Dr. M.J. Bazos, MD. Patient Handout

About your diagnosis

Acute renal failure is an abrupt decline in kidney function resulting in retention of nitrogenous end products of metabolism in the body. There are many causes of acute renal failure, including conditions that have a secondary effect on the kidneys (e.g., a drop in blood pressure that could occur from many causes), as well as an obstruction of the kidneys at any level. Direct injury to the kidney by certain drugs and radiographic dyes, for example, is the third major cause of acute renal failure. Conditions such as acute glomerulonephritis (inflammation of the kidney) can also cause acute renal failure. It is a serious illness.

Living With Your Diagnosis
You will most likely be admitted to the hospital with this diagnosis, or you may have acute renal failure develop as a complication of the original condition for which you were hospitalized. You may require treatment in an intensive care unit. You may find that your urine output is very low, although this is not always the case. You may be short of breath and cough because of extra fluid in your lungs. Your blood pressure may be high. You may even require supportive treatment with breathing machines and artificial kidney machines (Fig 1). Complete recovery of kidney function is possible and may sometimes take as long as 6 weeks.

Because the causes of acute renal failure are diverse, management depends on the underlying condition. The common thread of treatment involves giving medicines that may help increase the amount of urine you make, and putting you on the artificial kidney machine. You will have blood tests done very frequently (daily) to assess your response to treatment. Your doctor may ask you to reduce your intake of protein, salt, and potassium, and to take blood pressure pills and calcium supplements. You may be discharged home once you are stable on medicines and dialysis. This treatment would need to be continued until your kidneys improve or recover completely.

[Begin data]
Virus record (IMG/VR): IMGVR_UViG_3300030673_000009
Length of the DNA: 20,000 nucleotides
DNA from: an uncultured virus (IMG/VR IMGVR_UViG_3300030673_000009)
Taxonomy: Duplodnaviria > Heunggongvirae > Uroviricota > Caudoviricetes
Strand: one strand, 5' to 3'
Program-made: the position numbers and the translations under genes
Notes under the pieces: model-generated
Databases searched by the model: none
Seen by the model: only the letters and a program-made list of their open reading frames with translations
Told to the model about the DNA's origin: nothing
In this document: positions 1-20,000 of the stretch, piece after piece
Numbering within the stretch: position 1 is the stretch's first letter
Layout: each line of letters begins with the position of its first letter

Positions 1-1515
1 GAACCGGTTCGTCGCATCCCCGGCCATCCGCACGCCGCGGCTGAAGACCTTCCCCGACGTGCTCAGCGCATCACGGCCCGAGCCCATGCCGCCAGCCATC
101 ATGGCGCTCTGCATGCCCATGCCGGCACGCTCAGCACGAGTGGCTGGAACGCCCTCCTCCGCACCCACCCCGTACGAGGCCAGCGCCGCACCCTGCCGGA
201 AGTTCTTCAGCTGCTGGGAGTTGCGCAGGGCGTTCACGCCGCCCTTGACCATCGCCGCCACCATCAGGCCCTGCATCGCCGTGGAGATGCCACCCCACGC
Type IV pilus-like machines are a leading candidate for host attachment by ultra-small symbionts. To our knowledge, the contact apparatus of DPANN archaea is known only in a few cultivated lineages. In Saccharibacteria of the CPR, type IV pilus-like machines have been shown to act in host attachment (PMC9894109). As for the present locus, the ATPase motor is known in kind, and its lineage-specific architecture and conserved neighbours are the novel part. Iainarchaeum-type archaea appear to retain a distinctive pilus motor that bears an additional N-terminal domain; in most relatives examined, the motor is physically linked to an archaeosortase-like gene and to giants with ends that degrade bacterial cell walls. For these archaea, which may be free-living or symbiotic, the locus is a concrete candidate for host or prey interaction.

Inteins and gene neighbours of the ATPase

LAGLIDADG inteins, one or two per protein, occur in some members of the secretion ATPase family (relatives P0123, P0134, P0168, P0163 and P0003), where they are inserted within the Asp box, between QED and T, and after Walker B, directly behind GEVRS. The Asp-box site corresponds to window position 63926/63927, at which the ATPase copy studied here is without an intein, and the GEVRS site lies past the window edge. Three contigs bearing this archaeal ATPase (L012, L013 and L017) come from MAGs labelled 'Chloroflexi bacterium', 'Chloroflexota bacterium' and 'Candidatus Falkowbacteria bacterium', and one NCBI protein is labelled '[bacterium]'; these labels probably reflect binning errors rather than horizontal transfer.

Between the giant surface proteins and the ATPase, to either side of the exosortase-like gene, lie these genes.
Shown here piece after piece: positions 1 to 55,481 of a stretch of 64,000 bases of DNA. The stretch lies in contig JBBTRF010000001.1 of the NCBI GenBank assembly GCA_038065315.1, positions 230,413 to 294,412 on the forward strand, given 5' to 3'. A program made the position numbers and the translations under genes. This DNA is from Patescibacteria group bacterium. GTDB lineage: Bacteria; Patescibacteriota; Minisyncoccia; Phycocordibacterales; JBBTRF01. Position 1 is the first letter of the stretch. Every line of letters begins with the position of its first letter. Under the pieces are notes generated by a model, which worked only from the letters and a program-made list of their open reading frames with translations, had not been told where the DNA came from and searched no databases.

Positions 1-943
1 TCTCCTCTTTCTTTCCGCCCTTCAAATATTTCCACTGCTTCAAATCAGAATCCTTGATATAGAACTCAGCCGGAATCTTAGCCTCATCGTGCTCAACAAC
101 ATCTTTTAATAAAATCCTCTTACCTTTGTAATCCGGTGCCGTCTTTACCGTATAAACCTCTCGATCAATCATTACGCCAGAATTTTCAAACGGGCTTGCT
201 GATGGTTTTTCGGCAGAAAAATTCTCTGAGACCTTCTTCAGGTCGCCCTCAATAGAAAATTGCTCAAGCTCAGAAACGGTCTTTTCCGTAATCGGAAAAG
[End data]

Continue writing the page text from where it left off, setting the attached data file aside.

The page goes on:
The DOs
• Do tell your doctor of any exposure you may have had to toxins such as chemicals or drugs.
• Do follow dietary advice because it is very important in preventing complications from your disease. You may have to eliminate fruit, chocolate, and nuts from your diet because these foods have high amounts of potassium in them. When your kidneys are not working, high potassium levels have to be prevented because they are dangerous for your heart.
• Do keep to the fluid restriction you have been advised because otherwise you could have fluid buildup in your lungs. This could be dangerous to your immediate health.
• Do let your doctor know of all the medication you are taking, such as over-the-counter medicines and herbal preparations.
• Do exercise within your capacity to do so.

The DON’Ts
• Don’t stop taking your medication before checking with your doctor.
• Don’t take over-the-counter medication unless you have checked with your doctor. Some of these medicines may not be safe with your kidney condition.
• Don’t take any herbal preparations that you may find at health food stores. Some of these preparations have been known to cause kidney disease.
• Don’t hesitate to ask your doctor any questions that may concern you about your disease or its treatment.

When to Call Your Doctor
Always call your doctor if you feel unwell. He may be able to assess whether you need to be seen right away or whether a change in medication is necessary.